Making a whip of cords, he drove all of them out of the temple, both the sheep and the cattle. He also poured out the coins of the money changers and overturned their tables. (John 2:15 NRSV)
Jesus certainly had that effect on the religious establishment of his time. He had been looking forward to going to Jerusalem and the Temple for Passover. People from all over the world would be there to worship. Just being there with other pilgrims was exciting.

When Jesus arrived at the Temple he was upset by what he saw. There in the Temple courtyard were people buying and selling cattle, sheep and doves for sacrifices. The merchants who were selling the livestock thought they were providing a service for those pilgrims from out of town.

Temple employees were providing a service exchanging foreign currency into Temple coinage--but they also were taking advantage of people by charging a large fee to make the exchange. Perhaps what angered Jesus the most was that they were taking advantage of the people who could least afford it. The Temple became wealthy from this questionable practice. It seems the more money they made the greedier they became charging higher rates of exchange. Jesus was upset by what he saw. We are not accustomed to Jesus being angry. We like to think that Jesus was always kind and loving to everyone he encountered. We would like to think that Jesus never said a harsh word to anyone. Jesus was so angry that he felt he had to do something to get the Temple officials' attention.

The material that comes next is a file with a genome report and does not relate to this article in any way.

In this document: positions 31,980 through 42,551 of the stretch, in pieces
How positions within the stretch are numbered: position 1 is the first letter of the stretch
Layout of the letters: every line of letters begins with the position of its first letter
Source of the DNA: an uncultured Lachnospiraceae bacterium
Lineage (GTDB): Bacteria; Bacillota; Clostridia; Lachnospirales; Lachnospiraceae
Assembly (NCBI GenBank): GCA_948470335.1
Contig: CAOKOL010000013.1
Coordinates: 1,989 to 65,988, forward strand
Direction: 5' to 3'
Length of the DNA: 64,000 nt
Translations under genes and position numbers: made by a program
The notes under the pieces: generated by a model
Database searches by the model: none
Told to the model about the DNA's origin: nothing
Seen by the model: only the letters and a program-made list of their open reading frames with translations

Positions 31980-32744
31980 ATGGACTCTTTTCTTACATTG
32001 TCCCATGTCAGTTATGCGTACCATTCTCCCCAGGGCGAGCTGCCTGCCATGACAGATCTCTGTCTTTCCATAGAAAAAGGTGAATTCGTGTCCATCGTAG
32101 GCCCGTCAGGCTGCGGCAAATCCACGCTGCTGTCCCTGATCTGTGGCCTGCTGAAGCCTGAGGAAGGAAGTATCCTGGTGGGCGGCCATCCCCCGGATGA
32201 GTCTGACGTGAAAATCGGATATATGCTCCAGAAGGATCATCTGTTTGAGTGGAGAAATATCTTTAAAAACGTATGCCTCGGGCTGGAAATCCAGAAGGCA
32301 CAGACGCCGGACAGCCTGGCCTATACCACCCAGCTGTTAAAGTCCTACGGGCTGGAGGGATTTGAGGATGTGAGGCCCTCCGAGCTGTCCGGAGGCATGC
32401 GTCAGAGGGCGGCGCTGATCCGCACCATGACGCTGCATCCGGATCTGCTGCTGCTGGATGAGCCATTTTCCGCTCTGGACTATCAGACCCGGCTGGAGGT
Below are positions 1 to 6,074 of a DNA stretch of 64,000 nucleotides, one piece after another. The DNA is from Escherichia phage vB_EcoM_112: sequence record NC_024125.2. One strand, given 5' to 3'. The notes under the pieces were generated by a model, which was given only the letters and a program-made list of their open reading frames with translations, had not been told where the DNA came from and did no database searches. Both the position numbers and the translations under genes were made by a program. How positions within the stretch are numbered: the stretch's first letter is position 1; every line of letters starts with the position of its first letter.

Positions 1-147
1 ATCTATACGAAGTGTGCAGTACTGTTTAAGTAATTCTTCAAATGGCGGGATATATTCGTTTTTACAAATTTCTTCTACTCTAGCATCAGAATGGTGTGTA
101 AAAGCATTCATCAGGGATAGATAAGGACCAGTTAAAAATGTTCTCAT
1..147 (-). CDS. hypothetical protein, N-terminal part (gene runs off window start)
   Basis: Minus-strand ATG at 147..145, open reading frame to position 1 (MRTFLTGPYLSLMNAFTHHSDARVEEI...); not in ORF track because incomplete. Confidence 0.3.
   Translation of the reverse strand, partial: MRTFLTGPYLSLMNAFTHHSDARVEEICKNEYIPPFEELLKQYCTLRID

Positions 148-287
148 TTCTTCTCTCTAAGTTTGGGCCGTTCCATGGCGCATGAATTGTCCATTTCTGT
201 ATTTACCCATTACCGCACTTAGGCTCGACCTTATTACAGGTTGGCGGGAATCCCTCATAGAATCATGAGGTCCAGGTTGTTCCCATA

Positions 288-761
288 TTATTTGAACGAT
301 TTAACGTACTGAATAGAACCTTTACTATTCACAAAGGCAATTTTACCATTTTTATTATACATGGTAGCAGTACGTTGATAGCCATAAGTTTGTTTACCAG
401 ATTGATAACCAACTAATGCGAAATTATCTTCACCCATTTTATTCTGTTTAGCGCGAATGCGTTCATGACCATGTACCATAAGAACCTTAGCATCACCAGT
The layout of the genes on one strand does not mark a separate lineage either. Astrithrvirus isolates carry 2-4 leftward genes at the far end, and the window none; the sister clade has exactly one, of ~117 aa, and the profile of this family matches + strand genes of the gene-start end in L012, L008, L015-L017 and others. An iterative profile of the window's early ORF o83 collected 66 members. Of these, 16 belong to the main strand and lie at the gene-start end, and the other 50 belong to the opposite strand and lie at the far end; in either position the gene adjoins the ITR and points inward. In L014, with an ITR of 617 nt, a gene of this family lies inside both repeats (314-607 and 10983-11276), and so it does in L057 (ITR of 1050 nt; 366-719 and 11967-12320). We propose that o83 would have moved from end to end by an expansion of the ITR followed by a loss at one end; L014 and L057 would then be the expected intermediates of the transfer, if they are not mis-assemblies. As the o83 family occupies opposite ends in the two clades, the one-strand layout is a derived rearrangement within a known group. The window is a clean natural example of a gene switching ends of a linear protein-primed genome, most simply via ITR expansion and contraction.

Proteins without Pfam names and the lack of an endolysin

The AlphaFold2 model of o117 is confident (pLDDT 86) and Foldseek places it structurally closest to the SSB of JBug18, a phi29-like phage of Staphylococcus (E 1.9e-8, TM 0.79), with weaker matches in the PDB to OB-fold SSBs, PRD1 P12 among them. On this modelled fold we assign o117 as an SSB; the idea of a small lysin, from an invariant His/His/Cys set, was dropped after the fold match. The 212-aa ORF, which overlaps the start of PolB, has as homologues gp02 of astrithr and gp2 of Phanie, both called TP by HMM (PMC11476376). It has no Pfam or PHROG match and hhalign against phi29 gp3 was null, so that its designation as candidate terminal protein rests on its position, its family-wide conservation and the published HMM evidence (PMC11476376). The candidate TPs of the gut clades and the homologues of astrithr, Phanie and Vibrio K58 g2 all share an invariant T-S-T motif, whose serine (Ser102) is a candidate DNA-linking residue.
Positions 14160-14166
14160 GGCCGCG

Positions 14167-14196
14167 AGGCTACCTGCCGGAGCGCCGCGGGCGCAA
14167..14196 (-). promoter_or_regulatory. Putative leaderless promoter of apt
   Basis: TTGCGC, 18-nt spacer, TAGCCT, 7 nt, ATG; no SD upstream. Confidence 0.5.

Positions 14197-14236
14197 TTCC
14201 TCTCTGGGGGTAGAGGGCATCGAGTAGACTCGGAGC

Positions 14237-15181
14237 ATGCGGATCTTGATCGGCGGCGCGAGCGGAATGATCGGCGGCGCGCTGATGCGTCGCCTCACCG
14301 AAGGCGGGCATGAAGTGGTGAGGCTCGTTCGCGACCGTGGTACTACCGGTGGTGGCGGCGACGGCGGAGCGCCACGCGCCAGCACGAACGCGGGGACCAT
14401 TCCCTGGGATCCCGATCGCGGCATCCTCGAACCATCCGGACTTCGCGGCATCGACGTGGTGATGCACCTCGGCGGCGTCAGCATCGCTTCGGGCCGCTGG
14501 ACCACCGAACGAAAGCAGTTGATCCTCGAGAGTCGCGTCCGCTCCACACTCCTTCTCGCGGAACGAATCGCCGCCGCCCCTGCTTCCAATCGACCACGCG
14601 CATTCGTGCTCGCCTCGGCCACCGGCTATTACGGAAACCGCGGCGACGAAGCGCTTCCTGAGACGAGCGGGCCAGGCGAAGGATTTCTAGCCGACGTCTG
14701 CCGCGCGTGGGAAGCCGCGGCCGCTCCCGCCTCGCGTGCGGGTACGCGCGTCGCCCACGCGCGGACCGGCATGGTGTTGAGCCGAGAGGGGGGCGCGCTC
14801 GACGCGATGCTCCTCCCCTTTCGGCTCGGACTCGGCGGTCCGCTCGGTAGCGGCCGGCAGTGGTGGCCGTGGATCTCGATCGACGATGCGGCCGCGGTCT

Does Jesus have your attention?

Dear God, you have my attention. May my life honor your love. In Jesus name, Amen.

Ron Newhouse

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